Most would agree, Prince Rupert wouldn’t be where it is today without globalization and the growth of international trade. But when did that trade become more important than the people who live here?
At the last city council meeting, Councillor Gurvinder Randhawa asked if they could ask the federal government to make passengers on trains a priority over cargo. It was like asking the government to stop putting the cart before the horse.
As of late, rail traffic is causing not only delays in getting grain to the terminal, it’s also delaying passenger travel. Notifications of delays, and even cancellations, seem to come through the newsroom on a weekly basis.
Meanwhile, Via Rail reported a 7.3 per cent increase in ridership for 2017. Whether that’s tourists exploring Canada for the 150 celebrations, or more people are using rail as an option to travel, the fact is, people still like to take the train.
Now, the timing is more critical than ever. At the end of the month, Greyhound is gone for northwestern B.C. travellers and options for getting off this beautiful island are thin. Gas prices don’t help either. Electric charging stations aren’t available in Prince Rupert yet, so driving solo, or with a partner, means a lot cha-ching for each kilometre you burn. Wouldn’t it be nice if there was a nice consistent train option where you could save wear and tear on your vehicle, and read a great book while heading to your appointment in Prince George? The problem is, while there is already a train that leaves Prince Rupert three days a week, it’s just not a sure thing.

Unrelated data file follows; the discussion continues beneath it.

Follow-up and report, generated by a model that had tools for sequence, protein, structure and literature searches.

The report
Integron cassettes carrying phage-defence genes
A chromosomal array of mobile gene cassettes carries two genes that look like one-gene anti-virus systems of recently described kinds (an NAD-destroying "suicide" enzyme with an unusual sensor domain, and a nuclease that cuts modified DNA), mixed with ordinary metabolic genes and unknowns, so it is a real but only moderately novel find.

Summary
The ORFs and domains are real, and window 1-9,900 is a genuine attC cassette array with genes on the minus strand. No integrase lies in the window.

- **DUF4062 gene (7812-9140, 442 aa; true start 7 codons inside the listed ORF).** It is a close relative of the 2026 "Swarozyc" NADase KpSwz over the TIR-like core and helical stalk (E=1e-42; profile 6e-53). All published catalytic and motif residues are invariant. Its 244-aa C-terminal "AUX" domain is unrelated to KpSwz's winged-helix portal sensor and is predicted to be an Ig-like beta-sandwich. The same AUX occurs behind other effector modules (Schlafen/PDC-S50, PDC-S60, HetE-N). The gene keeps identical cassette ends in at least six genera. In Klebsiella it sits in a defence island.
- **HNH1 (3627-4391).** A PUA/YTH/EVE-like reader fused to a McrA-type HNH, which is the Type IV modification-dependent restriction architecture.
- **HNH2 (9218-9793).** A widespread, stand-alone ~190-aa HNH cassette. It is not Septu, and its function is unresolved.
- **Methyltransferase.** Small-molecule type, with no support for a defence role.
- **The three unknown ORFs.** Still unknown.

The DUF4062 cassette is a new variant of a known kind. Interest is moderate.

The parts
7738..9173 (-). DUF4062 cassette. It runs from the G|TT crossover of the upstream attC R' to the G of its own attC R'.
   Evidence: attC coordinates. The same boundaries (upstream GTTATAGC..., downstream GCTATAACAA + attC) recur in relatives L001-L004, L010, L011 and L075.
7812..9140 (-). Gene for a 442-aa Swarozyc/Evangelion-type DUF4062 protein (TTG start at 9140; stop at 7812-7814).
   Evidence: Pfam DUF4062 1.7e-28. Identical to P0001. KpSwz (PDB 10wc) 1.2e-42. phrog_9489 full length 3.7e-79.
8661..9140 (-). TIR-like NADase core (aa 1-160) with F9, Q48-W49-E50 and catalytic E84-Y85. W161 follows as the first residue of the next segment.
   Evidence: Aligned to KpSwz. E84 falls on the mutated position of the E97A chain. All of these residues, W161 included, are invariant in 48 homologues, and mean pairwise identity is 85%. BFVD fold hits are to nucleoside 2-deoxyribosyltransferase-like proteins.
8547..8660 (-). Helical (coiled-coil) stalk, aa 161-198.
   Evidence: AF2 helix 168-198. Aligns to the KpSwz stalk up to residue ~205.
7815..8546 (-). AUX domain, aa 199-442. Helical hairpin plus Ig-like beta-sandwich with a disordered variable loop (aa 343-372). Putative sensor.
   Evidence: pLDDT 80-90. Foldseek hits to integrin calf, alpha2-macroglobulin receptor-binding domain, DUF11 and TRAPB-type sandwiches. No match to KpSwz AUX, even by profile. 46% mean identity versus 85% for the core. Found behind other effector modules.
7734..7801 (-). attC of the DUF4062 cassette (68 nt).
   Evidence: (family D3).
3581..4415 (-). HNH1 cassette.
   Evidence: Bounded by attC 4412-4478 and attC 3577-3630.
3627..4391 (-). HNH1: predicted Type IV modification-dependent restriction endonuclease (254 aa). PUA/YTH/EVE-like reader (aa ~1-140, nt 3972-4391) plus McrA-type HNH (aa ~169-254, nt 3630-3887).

No one is blaming CN Rail for putting its business of moving cargo first. Now, its time for federal policy makers to do what they’ve been elected to do, look after their people. But if the City of Prince Rupert’s letter makes its way to Minister of Transport Marc Garneau’s office, does he put the horse before the cart? We are in peculiar times when we have to ask such a question.